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Mulheir: Family Care is the Best Option for the Development and Progress of Children with Disabilities

2018-05-22

Chief Executive Officer of Lumos, Georgette Mulheir, estimated that the transition period for persons with disabilities from the welfare system of institutionalization to a day care system takes 7 – 10 years. The transition takes place gradually in such a way that would guarantee the best interests of people with disabilities.

 

Mulheir visited the Kingdom last week as part of an experience exchange program in the transformation from the system of institutional centers to family care for people with disabilities. She said, “During this transitional period, a support service system will be established for families to care for their children. Educational institutions will be rehabilitated to ensure children's right to inclusive education.” She also added, “The cost of providing these services before will be much less than the cost of institutionalized care.”

 

The new law on the rights of persons with disabilities was enforced last September and provides for the gradual abolition of institutions for people with disabilities.

 

Article (27) of the Law stipulates, “The institutional system for persons with disabilities shall be replaced by a supportive system of services. This should help achieve the maximum standards of self-reliance in individuals with disabilities. They would also attain their right to independent living with their families and local communities.” The law grants a ten-year period for gradual transformation from the institutional system to the day care system.

 

In a conversation with Al-Ghad, Mulheir said, “Family care is the best option to ensure the development and progress of a child with disabilities. It is also more economic, as the cost of taking care of one child in institutional homes covers the cost of caring for 10 children within their families,”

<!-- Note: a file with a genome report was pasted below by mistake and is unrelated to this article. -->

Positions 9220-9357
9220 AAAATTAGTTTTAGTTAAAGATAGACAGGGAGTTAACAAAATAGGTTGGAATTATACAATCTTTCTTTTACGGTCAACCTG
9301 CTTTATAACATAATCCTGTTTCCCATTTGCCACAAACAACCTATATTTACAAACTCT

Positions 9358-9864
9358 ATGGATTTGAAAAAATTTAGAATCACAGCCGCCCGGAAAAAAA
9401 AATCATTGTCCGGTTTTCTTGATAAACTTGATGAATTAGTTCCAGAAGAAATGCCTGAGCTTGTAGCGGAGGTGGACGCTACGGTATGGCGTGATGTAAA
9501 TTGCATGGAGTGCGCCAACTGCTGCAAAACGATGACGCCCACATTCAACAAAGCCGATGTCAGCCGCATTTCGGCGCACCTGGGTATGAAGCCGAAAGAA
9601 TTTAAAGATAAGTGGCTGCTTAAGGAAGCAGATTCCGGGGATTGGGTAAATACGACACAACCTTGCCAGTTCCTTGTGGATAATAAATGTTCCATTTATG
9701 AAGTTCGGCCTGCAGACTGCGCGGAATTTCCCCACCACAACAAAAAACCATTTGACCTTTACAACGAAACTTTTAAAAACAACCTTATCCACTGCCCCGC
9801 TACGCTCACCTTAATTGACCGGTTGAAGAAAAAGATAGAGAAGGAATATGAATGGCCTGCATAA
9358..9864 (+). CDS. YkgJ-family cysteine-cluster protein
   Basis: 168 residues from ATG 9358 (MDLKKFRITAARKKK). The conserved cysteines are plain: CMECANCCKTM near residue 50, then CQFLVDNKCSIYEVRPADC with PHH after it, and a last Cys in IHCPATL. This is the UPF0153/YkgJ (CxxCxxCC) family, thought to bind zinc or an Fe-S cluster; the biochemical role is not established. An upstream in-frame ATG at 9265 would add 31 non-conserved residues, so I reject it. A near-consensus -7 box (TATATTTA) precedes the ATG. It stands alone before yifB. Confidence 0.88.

She said “This system will not require spending more money, but rather re-distributing it.” Mulheir added, “If the program is implemented, everyone with disabilities will have the services they need within the framework of their families and society, and it will be covered by the state.”

 

Mulheir reassured residents that no child or adult with disabilities will return to his family before the family is able to and qualified to care for him, including providing services to families so that they could do their part.

 

She stressed “The philosophy behind the creation of institutions is to provide rehabilitation, shelter, treatment and food services for people with disabilities. However, the experience of 80 years in the institutionalization system has proven this approach to be a failure. It proved that institutionalization harms the development and progress of individuals and that people with disabilities belong in their families and communities.”

 

She pointed out that “The cost of institutionalization is much higher than the provision of services to people with disabilities in their families,” indicating that “the cost of one person in the institutional centers for people with disabilities equals the cost of caring for 10 people in their families and social environment.” She added, “The plan to move from the system of institutionalization to the day care and family support system will be well thought out.”